How to stop dieting

How to Quit Dieting Without Gaining Weight

Part of the reason that I became a food and eating psychology coach was because I was fed up with feeling like I had to be a certain shape to get on in life, and spinning around the revolving doors of weight loss clubs in an attempt to achieve it.

The repetitive body shaming dialogue in my head and roller-coaster of emotions resulting from chasing a number on the scales was frankly, exhausting. Being constantly pre-occupied with your body size and what you are going to eat takes up a huge amount of head space.

For me, the answer was to educate myself. My study of eating psychology was akin to opening Pandoras Box, a myriad of relatable insights that I couldn’t help but feel I really should have known already.

Therein lies the issue. So many women, regardless of their level of intelligence, are blindsided by societal opinions of what they should look like and are sucked into a life of scrutinising their bodies and dieting.

For me, enough was enough.

Theses days, I enjoy a completely relaxed relationship with food, by which I mean, I always give consideration to nutrition, but I never obsess about fat, sugar or calories. I also have a good relationship with my body. I am proud of how strong and resilient it is and I no longer berate it for not looking a certain way or not fitting into a pair of skinny jeans.

When I think about the key learnings that helped me to finally leave dieting behind and create a better relationship with food and my body, it boils down to a combination of these things:

  • Building a sense of self-compassion. Deciding to approach my body with love rather than disdain allowed me to truly care for it.
  • Learning how to eat in a way that balances my blood sugars. Combining the macro nutrients in regular meals and snacks is truly satisfying. I don’t need to do anything else to manage my weight or nourish my cells.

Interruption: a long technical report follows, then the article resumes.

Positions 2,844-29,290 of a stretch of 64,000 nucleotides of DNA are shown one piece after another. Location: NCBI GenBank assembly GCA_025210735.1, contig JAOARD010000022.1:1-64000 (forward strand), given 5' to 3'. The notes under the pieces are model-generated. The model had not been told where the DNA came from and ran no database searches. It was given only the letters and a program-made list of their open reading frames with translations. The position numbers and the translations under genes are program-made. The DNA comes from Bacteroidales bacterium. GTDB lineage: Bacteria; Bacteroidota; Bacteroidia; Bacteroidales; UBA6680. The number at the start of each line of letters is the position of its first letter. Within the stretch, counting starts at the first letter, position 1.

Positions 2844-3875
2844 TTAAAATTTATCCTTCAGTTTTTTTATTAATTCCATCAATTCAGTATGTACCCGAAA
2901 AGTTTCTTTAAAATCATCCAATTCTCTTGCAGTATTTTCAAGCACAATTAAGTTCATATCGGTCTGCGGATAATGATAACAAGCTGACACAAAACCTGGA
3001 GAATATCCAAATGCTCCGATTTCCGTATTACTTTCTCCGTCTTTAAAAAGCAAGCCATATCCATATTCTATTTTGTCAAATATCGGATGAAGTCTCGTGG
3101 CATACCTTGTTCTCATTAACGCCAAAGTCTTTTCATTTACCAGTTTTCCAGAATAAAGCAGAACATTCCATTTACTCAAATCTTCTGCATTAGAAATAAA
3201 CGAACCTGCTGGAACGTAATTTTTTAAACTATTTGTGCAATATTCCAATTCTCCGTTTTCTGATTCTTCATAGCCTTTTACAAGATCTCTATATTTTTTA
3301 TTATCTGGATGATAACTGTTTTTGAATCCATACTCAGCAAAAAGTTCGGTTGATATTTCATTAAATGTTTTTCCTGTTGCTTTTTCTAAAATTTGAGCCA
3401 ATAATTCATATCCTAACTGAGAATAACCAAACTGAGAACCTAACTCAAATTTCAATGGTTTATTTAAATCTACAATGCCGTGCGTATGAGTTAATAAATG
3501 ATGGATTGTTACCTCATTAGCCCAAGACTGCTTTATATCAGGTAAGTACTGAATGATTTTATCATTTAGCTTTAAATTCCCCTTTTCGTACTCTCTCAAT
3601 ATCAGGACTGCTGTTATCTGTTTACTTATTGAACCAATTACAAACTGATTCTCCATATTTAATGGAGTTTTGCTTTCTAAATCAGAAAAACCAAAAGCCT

• Gaining the knowledge that restricting food or depriving myself of food groups increases the desire to eat and decreases self-esteem.
  • Learning how to experience sadness, anxiety, boredom and all my other difficult feelings without the need to judge, escape from them or suppress them with food or alcohol.

There is no doubt that it’s a journey, and one I had to work at. A lot of the beliefs about body shape and eating habits are so entrenched that it takes a while to learn and develop new ones.

It also takes strength to push back against the notion that being a certain dress size defines your value in life and to snub the industries and groups who are profiting and benefiting from your unhappiness.

That said, it is absolutely possible to divorce dieting and begin a happy relationship with yourself.

Over the coming weeks, I’m going to explore each of the things that I believe it takes in more detail through my blog and social posts to support any of you who might be struggling with similar challenges. I’d love to hear your thoughts and comments so I can shape my offerings around your experiences….

2 thoughts on “How to Quit Dieting Without Gaining Weight

  1. Sally

    Hi Josie. I feel pretty ashamed because I get your emails and generally ignore them because I don’t want to have to think about anything food related.
    Yes I’ve always had a “thing” about my body, food consumption, image etc (and I’m now 76!) so it’s been a long time. I don’t particularly like cooking, food shopping consists of what’s easiest. Family grown and flown (although visit frequently), husband deceased so really no need to cook. I would like to have a better relationship with my body and food but after years of battling I find the easiest thing to do is just go for what is the least hassle. Lockdown has been horrendous as boredom has of course added to the problem.
    In all other areas of my life I’m easy going, positive, yes even happy, but every now and then I think “you are not being kind to the body that has kept you going for all these years, is that fair!”
    I found your comments about self love inspiring enough for me to write to you.
    P. S. Still a frequent visitor to Breathing Space!

    1. Josie Buck Post author

      Hey there Sally!

      Thank you so much for taking the time to respond, it is lovely to hear from you and to read your story. I am so glad you opened the email 🙂 Maybe you could add a little body kindness affirmation to your daily ritual. Sending you lots of love xx


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